4 ways Obama should work with US business to combat China’s cyberspying

The threat of Chinese cyberspying to US businesses is very serious. A report released May 22 by the Commission on the Theft of American Intellectual Property states that: “China is two-thirds of the intellectual property theft problem, and we are at a point where it is robbing us of innovation to bolster their own industry, at a cost of millions of jobs.”

If the US wishes to stop this Chinese economic cyber-espionage, it will need to increase the costs and reduce the benefits to China of such activities. That will cause China and other competitors to rethink whether cyberspying on businesses is worth it. Government actions are important, but the key players in this game sit in the private sector. A true public-private partnership is needed.

Here are four ways President Obama should work with US business to combat Chinese cyberspying.

1.Threaten retaliatory actions

Delegates from China and US chat before the opening ceremony of the 6th US-China Internet Industry Forum in Beijing, April 9. (Jason Lee/Reuters)

The US government can threaten retaliatory actions – be they economic, diplomatic, legal, or technical in nature. For example, the US could impose economic sanctions or deny visas to suspected cyberspies and/or their enablers.

There are certainly benefits to pursuing these ideas, but US options will be limited because of the trade-offs involved in increasing tensions with its largest trading partner. If China truly views economic espionage as a national security matter, it will strongly resist efforts to curtail such activity, especially if it views the US position as being hypocritical. The US may thus risk retaliatory actions on American companies or citizens if it pushes too hard on this issue.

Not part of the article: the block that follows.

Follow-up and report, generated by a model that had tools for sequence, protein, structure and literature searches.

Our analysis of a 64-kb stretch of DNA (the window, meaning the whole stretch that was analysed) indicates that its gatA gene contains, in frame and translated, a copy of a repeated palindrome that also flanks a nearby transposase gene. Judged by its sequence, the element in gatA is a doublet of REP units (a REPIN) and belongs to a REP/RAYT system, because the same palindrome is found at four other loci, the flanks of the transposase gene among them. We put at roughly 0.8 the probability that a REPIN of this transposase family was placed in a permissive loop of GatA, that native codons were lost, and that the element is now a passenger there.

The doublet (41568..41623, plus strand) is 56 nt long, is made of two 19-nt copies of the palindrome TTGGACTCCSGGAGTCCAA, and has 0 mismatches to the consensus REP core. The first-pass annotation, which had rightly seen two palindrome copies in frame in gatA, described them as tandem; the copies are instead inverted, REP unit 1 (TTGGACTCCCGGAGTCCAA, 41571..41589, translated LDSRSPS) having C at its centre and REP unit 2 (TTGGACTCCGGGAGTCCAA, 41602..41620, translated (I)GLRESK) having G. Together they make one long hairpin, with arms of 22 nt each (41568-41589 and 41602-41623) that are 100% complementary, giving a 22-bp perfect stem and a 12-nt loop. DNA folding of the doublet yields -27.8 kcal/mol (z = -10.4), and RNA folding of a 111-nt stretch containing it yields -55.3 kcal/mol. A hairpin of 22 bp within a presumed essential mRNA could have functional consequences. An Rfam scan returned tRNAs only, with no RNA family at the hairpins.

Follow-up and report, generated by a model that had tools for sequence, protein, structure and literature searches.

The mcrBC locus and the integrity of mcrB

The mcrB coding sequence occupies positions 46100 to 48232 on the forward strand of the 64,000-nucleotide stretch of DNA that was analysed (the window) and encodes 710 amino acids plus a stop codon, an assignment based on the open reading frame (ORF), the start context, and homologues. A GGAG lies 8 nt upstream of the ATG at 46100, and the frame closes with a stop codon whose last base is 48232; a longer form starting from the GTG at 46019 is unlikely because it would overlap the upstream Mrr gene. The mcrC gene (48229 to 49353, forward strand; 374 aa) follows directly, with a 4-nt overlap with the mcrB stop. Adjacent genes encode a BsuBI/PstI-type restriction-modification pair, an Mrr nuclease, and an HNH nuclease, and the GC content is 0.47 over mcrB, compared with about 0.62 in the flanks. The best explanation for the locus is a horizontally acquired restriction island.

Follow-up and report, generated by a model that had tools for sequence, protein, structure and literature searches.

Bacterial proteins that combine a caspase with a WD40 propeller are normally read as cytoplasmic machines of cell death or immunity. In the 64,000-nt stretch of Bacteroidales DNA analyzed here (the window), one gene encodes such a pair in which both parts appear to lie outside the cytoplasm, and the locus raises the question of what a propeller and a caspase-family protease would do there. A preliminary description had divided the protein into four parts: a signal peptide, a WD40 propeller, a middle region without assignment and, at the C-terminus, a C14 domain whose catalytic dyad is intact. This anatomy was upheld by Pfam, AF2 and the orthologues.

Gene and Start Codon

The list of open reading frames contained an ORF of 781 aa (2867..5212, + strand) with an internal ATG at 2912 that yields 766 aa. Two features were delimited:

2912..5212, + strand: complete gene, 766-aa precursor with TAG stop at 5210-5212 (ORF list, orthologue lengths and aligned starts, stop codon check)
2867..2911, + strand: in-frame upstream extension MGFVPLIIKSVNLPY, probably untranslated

Irving Lachow is a senior fellow and director of the Technology and National Security Program at the Center for a New American Security.

Provide companies with actionable intelligence

The US government must provide companies with intelligence to protect their networks. The Cyber Executive Order – a policy document issued by the White House in February – declared that the federal government will make such information increasingly available to critical infrastructures like power plants and major financial institutions.

However, much of the cyber-espionage occurring today targets organizations, including professional services firms and innovative start-ups, that do not fall under the Cyber Executive Order’s provision. The US Department of Homeland Security needs to use its authority to incentivize and enable the creation of trusted federations of companies, like the Advanced Cyber Security Center in Massachusetts, that share cyberthreat information and best practices for cyberprotection. By sharing what they know, companies can shed light on the tactics that the Chinese are using – to the benefit of all.

Incentivize companies to improve their cybersecurity


Numerous studies have shown that most companies fail to effectively implement even the most basic cybersecurity controls such as patching known vulnerabilities and limiting the number of users with administrative privileges. Such controls will not stop advanced attacks, but they can make cyberspies work harder. And by stopping lower-level attacks with these controls, they can free up corporate resources to address more sophisticated attacks.

In addition, information sharing will provide little benefit unless companies have the people and processes to use that information effectively. Financial incentives, such as tax breaks and fines, may be the best tools for changing corporate decisionmaking on this issue, but all options should be explored.

Clarify the legal framework

The US government needs to delineate what kinds of “active defenses” are permissible under different circumstances. In particular, the Computer Fraud and Abuse Act needs to be updated to better reflect the circumstances that companies face today. For example, it may be necessary to clarify what actions companies can take to track the theft of their intellectual property outside of corporate networks.